No fixed address: Transit fines for Edmonton homeless a 'tax on the most vulnerable'

Last year, 5,879 tickets were issued for fare evasion by ETS. Of those, 376 of them, or 6.4 per cent, were given to people who ETS confirmed have “no fixed address.” 

'It is tough to pay if you have no money,' says Bill Quinn

Last year, Edmonton Transit peace officers issued 376 fare-evasion tickets to people who said they have no fixed address. (David Bajer/CBC)

Bill Quinn fell asleep on a bus and was woken up by transit peace officers after taking the full route from Mill Woods to Abbottsfield and back again. 

"[I felt] a little bit scared," Quinn said. "Thought I was going to jail." 

Quinn, originally from the Saddle Lake Cree Nation, was homeless for more than 20 years. He couldn't afford the bus fare, and the officer gave him a $275 ticket for fare evasion.

It's a story that Elliott Tanti, communications manager at Boyle Street Community Services, hears from the people the organization serves all the time. 

"We know that a lot of tickets are received on transit, particularly in LRT stations, particularly during the coldest times of the year," Tanti said. "[It's] not all that surprising from our standpoint."

Bill Quinn, who's Cree from Saddle Lake Cree Nation, was homeless for more than 20 years. He uses transit to get around, and says it's hard to pay hundreds of dollars in fines if you're experiencing homelessness. (Trevor Wilson/CBC)

According to the latest data from Homeward Trust, there were 1,795 people experiencing homelessness in Edmonton in October — about 0.18 per cent of the city's population.

Last year, 5,879 tickets were issued for fare evasion by ETS. Of those, 376 of them, or 6.4 per cent, were given to people who ETS confirmed have "no fixed address." 

The data was initially published by Student Legal Services of Edmonton, which filed a freedom of information request and wrote a report based on figures that suggested a much higher proportion of people with no fixed address being ticketed.

In an emailed statement, ETS disputed those numbers and said they included both people without a fixed address as well as those who did not give one.

ETS provided numbers for fare evasion only; it did not provide figures for other categories at the time of publication.

ETS said it's unable to confirm that those ticketed without an address are experiencing homelessness, but the numbers represent the people who answered "no fixed address."

[It's] not all that surprising from our standpoint.- Elliott Tanti, Boyle Street Community Services

It's also possible there could have been more people experiencing homelessness who were ticketed.

Coun. Aaron Paquette, who has championed accessible and free transit since he was elected to city council in 2017, isn't surprised by the number of people without an address being ticketed.

"When we find that the most vulnerable people have to go to transit as their source of shelter or their source of reprieve, that tells you that there is something fundamentally wrong with how we're doing things," Paquette said.  

Unable to pay fines

Quinn said he wanted to pay off his fine, but couldn't afford it. He picks bottles to make some extra cash, and said it would take him a few days to pay off that $275 fine he received. He also uses transit to get around when he's picking bottles.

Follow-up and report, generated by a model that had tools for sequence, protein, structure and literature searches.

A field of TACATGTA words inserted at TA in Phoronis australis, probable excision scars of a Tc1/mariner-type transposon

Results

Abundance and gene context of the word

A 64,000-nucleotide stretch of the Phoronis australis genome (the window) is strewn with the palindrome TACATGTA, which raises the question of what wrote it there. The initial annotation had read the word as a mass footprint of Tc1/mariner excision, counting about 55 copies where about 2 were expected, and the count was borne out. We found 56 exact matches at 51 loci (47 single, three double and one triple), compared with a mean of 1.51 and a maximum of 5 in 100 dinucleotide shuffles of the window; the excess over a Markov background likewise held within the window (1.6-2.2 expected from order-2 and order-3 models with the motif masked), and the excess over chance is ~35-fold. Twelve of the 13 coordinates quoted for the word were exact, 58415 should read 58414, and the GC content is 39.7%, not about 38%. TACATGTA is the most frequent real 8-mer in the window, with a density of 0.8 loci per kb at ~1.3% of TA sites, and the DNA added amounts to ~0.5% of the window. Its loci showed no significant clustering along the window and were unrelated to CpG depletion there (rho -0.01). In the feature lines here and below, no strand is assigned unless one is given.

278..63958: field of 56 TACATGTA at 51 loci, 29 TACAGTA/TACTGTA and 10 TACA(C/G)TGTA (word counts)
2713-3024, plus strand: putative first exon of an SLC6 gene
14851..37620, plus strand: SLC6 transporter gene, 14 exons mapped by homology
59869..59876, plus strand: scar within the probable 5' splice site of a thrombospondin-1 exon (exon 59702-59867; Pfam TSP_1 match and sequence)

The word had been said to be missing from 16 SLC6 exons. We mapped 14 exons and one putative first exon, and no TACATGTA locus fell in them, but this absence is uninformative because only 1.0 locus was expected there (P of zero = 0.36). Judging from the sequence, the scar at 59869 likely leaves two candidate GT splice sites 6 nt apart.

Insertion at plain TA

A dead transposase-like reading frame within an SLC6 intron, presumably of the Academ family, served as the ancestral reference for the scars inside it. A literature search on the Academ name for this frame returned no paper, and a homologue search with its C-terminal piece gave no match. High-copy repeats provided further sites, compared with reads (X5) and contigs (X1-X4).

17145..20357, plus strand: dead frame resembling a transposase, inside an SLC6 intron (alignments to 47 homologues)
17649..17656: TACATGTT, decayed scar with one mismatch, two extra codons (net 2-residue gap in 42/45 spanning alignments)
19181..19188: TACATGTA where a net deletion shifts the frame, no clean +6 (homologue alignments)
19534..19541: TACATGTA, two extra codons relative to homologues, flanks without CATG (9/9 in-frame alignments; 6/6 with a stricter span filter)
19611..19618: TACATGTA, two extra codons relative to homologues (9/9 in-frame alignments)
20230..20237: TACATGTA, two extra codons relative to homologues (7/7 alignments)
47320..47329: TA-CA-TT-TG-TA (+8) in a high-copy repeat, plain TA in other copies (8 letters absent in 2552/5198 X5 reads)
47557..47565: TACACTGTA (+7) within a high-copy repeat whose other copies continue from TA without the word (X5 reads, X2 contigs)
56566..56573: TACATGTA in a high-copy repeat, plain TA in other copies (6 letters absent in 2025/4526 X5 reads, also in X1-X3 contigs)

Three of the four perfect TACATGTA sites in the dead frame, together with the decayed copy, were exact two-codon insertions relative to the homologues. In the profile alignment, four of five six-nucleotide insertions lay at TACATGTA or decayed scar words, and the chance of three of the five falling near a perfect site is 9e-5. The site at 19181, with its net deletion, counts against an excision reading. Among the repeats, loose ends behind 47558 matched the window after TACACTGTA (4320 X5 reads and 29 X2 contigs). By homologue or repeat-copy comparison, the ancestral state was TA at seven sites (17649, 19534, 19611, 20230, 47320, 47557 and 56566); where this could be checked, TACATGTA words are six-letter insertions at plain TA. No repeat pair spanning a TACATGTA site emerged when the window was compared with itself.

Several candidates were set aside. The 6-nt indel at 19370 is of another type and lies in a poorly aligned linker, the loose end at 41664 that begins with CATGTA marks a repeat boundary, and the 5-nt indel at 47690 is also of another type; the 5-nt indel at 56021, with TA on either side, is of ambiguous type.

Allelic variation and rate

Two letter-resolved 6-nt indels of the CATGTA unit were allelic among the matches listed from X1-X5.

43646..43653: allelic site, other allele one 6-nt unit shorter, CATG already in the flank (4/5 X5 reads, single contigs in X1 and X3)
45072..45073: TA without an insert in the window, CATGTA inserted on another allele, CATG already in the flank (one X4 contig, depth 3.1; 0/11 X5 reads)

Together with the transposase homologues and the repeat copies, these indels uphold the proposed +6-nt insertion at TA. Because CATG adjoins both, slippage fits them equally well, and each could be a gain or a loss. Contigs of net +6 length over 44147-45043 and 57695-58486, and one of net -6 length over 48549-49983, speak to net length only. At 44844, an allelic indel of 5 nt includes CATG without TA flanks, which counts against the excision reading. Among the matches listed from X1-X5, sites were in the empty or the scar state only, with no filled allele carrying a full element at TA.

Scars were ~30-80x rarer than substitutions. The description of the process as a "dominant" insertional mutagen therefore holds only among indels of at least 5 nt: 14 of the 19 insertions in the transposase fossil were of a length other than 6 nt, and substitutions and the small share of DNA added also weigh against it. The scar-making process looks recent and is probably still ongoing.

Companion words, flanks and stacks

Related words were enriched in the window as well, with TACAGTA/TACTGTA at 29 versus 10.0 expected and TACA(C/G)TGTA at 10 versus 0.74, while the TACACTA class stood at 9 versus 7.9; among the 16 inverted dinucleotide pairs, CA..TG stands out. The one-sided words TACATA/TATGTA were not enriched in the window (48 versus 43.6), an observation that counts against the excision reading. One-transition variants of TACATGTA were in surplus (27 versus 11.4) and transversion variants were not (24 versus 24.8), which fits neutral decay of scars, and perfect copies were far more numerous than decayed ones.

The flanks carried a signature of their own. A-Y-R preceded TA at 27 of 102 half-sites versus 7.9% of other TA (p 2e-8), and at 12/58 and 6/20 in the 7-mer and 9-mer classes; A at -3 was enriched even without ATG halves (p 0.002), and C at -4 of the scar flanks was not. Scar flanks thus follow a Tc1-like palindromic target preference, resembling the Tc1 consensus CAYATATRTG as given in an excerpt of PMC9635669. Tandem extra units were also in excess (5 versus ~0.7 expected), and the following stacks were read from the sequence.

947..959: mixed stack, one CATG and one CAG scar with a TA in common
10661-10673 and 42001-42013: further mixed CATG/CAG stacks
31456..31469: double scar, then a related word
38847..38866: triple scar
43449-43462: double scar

"It is tough to pay if you have no money," Quinn said. He was able to do community service in lieu of the fine. 

Tanti said that's one of the most common misconceptions about people experiencing homelessness — that they don't want to pay their fines. 

"The fact is, a majority of them can't," Tanti said.

ETS has programming to help people experiencing homelessness, including the Providing Accessible Transit Here (PATH) initiative, the Ride Transit Program and the Donate-A-Ride program. 

But Tanti said sometimes it's hard for the city's most vulnerable to navigate these programs, especially with the challenges unpaid fines can cause.

If they can't pay the fine and unable to do community service in lieu of paying, then a warrant for their arrest can be issued, which Tanti said further complicates the lives of the city's most vulnerable.

Elliott Tanti, the communications manager at Boyle Street Community Services, says stories like Quinn's are common within the people Boyle Street serves. (Trevor Wilson/CBC)

ETS said peace officers issue tickets based on a variety of factors, and "will only issue a ticket as a last resort, after all other educational and support options have been exhausted." 

But what bothers Paquette is the high cost of the fines.

Paquette, who has also advocated for lowering fines to be on par with parking tickets, said many people who live in poverty aren't able to afford them.

"Anything that would help them get ahead now has to go back into the city system, paying a fine, because they're poor, which is absolutely ridiculous.

"There is a better way."

'Level the playing field'

Quinn said he understands the enforcement of transit fines, but said they should be lower. 

Those fines, which Paquette calls "a tax on the most vulnerable," need to be greatly reduced or even eliminated, he said. 

It's why he continues to push for universal free transit.

"This is one of our best tools to reduce congestion, to increase equity, to get people out of homelessness and out of poverty, and to level the playing field so that we all do better," he said.


  • An earlier version of this story said people experiencing homelessness in Edmonton were getting transit tickets at a rate 35 times higher than other transit users. That was incorrect.
    Dec 02, 2019 1:53 PM MT

About the Author

Kyle Muzyka


Kyle Muzyka is a Métis-Cree journalist for CBC Unreserved. He's worked at CBC for more than four years, including for the Indigenous unit, Edmonton and Yellowknife. Reach him at kyle.muzyka@cbc.ca, on Twitter or on Signal.